Thirdly - Some fast play and entertaining games. These have their place for a quick mid-week throw down game, but importantly it helps service my regular face-to-face sessions with Mike, so that we can be fairly sure that we can reach a proper gaming conclusion by the end of the evening. These are games that are typically coming in at around two to three hours.

So really, anything in the collection now has to meet at least one of these goals and further weeding is part of the cycle as new titles inevitably take my fancy.

These days, I am much much less inclined to make a speculative purchase. Rather, everything has to earn a place to justify storage and my investment in rules learning.


For some time, I have been torn between a love for the aesthetic of the larger figure and the practicality of the smaller figure, but as with the boardgame collection, the figures side of things has needed a focus to bring painting effort and storage under control.

Accepting that terrain is the main space hogger, a problem multiplied if several scales are used, then for this reason alone, going with a single building scale makes the most sense.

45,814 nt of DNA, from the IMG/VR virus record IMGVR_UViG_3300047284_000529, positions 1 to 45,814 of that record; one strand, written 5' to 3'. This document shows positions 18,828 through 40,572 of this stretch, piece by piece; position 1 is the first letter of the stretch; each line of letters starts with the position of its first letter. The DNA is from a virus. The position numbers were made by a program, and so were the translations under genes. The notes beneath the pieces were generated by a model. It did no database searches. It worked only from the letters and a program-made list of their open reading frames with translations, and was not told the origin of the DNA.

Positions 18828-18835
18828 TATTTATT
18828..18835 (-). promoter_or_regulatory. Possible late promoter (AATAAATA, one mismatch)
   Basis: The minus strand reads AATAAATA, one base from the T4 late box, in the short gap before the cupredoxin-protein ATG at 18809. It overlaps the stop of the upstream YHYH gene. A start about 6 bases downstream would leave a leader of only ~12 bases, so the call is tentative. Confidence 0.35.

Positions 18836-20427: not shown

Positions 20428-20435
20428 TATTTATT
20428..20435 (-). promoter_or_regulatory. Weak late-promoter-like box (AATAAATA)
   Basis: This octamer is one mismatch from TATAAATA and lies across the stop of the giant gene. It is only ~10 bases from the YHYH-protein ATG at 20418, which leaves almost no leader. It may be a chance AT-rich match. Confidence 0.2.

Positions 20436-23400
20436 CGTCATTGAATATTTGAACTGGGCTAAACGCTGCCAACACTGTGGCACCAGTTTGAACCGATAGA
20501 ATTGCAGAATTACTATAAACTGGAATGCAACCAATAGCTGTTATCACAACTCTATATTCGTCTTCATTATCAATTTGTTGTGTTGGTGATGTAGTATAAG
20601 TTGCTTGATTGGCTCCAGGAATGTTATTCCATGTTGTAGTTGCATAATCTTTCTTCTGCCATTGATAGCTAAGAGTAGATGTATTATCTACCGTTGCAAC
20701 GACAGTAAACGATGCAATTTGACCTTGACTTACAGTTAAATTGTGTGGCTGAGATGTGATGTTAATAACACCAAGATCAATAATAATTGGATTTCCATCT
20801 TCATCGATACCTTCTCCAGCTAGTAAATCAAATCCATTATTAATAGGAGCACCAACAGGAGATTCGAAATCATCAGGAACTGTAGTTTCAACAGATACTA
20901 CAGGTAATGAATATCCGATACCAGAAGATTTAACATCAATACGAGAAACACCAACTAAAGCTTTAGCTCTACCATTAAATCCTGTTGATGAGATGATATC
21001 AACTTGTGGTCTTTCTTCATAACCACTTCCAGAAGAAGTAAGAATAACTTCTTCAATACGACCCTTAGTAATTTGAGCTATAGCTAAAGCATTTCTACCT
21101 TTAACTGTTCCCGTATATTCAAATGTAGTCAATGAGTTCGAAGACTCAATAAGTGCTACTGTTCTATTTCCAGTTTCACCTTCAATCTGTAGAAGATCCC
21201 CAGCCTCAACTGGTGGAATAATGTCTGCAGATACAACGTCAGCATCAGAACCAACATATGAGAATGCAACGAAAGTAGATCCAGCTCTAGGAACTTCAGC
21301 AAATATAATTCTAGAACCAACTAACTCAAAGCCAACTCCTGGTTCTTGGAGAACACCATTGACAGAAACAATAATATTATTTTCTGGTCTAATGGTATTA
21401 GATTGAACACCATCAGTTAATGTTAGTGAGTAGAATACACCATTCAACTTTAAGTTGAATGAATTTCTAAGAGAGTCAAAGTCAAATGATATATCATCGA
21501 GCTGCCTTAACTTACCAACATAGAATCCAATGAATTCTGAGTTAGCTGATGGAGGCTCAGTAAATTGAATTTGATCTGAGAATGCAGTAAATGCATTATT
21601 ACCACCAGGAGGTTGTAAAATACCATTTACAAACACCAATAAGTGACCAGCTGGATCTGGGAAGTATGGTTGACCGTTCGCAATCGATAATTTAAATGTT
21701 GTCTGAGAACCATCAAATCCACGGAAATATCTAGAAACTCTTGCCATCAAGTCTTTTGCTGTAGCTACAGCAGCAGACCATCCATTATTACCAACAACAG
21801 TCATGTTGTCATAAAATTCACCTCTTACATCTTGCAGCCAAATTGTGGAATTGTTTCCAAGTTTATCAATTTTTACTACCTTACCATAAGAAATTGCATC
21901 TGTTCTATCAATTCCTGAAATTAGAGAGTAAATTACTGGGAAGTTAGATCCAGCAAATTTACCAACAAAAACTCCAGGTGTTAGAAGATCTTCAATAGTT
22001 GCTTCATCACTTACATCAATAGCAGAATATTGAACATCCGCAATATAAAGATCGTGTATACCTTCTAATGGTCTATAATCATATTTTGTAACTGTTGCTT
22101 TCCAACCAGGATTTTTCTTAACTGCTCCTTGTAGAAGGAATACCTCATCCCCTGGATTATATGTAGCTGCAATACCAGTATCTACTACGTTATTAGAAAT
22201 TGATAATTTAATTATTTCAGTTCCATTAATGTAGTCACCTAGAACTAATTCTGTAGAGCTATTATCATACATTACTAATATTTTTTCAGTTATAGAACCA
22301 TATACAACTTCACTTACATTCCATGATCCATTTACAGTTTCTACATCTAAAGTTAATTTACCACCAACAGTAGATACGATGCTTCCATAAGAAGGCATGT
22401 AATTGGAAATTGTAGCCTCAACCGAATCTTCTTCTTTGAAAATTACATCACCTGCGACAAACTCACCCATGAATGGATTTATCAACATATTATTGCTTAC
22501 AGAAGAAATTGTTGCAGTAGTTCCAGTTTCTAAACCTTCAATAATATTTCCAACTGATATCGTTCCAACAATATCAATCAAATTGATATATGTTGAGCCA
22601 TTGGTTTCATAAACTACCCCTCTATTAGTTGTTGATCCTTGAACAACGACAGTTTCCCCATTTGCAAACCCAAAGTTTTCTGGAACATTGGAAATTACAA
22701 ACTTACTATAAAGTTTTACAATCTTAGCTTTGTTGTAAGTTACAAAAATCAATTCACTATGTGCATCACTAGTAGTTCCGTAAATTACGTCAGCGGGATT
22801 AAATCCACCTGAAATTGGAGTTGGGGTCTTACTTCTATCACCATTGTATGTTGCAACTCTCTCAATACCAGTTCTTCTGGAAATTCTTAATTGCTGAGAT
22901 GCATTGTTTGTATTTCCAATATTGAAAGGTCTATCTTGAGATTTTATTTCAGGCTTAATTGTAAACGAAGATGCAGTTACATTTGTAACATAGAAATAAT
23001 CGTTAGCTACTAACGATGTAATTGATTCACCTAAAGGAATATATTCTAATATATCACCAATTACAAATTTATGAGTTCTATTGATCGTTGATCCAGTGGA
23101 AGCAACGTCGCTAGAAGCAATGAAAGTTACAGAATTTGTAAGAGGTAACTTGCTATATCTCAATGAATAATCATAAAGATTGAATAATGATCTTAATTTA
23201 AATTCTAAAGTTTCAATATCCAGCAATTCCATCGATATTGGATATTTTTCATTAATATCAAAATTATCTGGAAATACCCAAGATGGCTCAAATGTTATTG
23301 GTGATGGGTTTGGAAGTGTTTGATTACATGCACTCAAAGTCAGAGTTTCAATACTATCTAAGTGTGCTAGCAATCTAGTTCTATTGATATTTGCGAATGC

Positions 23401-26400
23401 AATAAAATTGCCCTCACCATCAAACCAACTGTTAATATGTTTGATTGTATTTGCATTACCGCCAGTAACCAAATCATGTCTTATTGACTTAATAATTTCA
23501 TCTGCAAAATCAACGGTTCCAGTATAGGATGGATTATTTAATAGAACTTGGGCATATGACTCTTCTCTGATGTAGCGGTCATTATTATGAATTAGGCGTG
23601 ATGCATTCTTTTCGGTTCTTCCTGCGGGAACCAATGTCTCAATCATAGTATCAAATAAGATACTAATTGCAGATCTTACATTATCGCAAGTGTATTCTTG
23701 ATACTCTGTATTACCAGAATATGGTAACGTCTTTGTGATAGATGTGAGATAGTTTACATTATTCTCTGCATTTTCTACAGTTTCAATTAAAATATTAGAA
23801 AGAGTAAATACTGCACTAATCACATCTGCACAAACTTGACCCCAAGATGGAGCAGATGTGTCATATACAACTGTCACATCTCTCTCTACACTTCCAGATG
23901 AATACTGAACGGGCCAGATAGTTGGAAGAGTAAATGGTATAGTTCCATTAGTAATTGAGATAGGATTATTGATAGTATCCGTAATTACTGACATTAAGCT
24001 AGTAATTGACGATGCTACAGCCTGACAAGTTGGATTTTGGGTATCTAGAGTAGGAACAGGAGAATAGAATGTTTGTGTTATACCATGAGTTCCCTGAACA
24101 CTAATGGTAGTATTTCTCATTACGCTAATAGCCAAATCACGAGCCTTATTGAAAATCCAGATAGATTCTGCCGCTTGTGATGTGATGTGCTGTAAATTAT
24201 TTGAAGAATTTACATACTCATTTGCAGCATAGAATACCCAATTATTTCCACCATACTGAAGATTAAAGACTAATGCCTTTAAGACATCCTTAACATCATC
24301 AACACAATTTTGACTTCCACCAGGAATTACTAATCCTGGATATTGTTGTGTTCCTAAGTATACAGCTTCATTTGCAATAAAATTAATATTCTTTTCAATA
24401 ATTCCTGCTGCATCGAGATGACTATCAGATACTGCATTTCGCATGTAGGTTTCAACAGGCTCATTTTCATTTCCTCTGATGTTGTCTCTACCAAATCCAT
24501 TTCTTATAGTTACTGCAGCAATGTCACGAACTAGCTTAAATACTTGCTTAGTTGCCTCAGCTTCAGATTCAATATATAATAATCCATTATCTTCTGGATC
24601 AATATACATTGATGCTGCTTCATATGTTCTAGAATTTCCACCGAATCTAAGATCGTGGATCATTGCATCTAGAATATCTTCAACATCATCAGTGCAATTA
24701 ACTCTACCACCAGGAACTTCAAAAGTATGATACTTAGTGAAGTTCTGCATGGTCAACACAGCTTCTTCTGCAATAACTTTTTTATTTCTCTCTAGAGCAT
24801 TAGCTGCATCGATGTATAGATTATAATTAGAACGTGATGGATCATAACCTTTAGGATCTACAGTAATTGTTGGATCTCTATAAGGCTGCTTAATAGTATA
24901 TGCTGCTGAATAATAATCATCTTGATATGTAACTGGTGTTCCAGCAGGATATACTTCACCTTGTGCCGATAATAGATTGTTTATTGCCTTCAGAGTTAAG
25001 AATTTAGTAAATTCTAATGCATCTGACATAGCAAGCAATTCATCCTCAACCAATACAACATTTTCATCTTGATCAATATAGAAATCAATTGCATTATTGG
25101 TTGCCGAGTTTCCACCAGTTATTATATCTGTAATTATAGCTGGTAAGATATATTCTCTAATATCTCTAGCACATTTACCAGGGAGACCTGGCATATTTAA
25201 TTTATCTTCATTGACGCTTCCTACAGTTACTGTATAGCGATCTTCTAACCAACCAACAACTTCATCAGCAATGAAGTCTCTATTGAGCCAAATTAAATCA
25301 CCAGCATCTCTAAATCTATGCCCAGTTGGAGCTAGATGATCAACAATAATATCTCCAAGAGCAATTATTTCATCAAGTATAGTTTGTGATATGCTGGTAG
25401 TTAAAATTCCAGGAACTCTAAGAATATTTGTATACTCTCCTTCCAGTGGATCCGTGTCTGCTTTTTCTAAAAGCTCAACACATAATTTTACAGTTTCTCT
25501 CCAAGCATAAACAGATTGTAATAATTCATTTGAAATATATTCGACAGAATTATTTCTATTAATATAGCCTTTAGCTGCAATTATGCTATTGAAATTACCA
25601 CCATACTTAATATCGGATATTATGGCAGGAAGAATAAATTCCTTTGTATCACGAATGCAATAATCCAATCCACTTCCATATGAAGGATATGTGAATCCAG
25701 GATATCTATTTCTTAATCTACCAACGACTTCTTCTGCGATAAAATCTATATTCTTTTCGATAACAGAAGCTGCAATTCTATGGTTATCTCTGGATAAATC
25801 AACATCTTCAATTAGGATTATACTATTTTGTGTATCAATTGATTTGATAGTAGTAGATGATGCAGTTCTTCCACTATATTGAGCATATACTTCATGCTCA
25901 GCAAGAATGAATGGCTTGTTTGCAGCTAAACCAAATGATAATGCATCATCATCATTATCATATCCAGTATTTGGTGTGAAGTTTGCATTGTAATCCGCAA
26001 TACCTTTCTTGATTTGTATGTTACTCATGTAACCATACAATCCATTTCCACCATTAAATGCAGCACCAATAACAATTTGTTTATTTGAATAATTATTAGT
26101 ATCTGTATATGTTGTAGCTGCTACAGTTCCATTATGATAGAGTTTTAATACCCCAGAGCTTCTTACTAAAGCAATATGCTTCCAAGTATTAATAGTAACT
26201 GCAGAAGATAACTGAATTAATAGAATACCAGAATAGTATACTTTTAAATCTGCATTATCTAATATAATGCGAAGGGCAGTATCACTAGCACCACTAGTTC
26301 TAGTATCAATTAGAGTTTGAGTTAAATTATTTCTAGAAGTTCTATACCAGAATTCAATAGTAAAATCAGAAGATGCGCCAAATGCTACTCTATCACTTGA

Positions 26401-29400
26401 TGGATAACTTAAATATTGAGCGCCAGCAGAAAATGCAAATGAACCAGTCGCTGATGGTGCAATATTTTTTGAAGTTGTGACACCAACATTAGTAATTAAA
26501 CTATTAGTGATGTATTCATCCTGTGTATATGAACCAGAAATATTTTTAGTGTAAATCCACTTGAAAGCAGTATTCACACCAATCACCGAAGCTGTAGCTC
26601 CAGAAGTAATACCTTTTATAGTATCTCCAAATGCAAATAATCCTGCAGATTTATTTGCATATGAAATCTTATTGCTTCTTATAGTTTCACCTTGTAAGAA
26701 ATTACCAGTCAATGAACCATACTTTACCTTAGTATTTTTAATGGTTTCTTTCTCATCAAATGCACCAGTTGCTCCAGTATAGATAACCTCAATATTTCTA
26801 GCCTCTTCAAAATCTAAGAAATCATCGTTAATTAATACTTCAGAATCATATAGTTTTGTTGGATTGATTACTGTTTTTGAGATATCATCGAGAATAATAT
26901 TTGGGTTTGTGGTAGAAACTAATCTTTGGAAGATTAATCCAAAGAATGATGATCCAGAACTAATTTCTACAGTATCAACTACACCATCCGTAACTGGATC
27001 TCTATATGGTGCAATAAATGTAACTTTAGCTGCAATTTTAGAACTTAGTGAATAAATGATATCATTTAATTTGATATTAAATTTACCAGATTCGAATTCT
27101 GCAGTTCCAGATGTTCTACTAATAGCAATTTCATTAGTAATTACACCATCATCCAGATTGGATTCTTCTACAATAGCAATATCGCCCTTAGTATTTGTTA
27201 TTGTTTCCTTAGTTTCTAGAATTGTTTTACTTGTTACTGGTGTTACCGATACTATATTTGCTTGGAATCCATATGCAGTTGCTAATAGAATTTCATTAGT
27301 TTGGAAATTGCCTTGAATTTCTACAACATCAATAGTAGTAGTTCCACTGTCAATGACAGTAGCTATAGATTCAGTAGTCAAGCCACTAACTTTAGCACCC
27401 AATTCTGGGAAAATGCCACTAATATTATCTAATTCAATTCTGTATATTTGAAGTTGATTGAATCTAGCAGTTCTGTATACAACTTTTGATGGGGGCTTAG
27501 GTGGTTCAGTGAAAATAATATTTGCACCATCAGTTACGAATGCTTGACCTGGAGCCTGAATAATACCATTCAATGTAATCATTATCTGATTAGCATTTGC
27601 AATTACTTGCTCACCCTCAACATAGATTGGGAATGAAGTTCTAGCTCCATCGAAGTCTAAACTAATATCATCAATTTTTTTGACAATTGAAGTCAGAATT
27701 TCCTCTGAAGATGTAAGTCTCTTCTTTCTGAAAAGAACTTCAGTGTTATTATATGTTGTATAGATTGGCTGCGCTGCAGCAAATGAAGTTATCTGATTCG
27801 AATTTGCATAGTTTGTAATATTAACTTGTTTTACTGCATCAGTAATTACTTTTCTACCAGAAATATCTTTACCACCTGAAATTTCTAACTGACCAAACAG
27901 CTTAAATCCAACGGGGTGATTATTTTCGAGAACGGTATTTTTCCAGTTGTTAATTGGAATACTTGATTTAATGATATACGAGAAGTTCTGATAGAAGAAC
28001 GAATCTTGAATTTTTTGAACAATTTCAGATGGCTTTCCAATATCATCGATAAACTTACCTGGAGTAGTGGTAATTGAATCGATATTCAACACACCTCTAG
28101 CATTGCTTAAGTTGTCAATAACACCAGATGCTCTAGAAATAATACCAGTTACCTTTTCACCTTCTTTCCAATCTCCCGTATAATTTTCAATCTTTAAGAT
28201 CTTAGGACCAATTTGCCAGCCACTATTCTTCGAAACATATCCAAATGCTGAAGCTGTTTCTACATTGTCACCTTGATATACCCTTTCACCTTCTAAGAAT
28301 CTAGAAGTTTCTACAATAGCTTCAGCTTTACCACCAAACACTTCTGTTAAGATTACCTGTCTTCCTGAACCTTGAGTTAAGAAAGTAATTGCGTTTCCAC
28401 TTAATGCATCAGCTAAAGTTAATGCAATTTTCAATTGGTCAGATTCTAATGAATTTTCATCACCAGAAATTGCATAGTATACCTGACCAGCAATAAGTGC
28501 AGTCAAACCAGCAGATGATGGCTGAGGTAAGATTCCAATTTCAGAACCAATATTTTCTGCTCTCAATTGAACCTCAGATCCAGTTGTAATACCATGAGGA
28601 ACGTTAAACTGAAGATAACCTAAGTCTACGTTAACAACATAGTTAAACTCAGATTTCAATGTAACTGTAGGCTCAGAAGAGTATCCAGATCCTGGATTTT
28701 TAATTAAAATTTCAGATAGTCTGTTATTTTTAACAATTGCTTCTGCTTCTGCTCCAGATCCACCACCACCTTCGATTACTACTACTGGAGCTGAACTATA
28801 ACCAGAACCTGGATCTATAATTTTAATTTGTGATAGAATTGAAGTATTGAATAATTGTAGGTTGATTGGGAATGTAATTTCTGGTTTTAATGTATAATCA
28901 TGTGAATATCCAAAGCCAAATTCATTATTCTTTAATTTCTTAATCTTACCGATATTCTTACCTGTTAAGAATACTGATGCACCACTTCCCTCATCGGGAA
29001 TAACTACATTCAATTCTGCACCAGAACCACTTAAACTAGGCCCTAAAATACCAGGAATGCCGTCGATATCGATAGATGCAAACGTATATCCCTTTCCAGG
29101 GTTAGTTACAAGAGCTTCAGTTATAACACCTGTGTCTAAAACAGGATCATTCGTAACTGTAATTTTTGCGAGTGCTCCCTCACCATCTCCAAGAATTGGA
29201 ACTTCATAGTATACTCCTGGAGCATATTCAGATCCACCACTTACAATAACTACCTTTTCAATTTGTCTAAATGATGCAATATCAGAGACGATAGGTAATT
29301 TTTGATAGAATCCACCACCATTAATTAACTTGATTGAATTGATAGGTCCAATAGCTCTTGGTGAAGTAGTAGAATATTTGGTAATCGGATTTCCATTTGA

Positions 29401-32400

Buildings in the 10mm / 12mm scales are a good collecting option, with ‘N’ Gauge railway accessories being around the right scale and nice resins coming from the Baggage Train, Hovels, Timescale and Battlescale bringing a good aesthetic to the battlefield. These are small enough that a varied collection can be held, covering several periods, without becoming a significant storage problem. 

Figures with both a smaller footprint and height profile also become easier to store and stack in shallow trays or boxes. A typical unit on a single base, double ranked with 16 - 18 figures can sit fine on an 80mm frontage. Doing something similar in 28mm needs a 150mm frontage and that doubling effect has an impact on playing space, impacting on the kind of game that can be played and how weapon ranges and movement rates look to the eye.

The smaller scale is also more sympathetic to gaming with 4” hexes, as it is easier to fit both troops and terrain into the same hex. Visually I prefer the open table, but the hexes significantly help with back ache by reducing bending and stretching at the table as there is no need to precisely measure for firing or movement and units can just be plonked down in their destination hex that they are moving to, while unit facing is instantly recognisable by the positioning within the hex.

Having spent too many hours with my attention divided between different scales, taking a deliberate decision to pick one, has immediately at least halved my storage dilemma and more effectively concentrates painting and modelling time.

For rules, it is only recently that commercially sustainable rules are starting to make an appearance for grid based games and that a wider audience is accepting them. So this remains an area that begs for the gamer to write their own rules and this is what I have done for the periods that I am collecting in, though they are best viewed as works in progress and I also have commercial sets that work for gaming on an open table.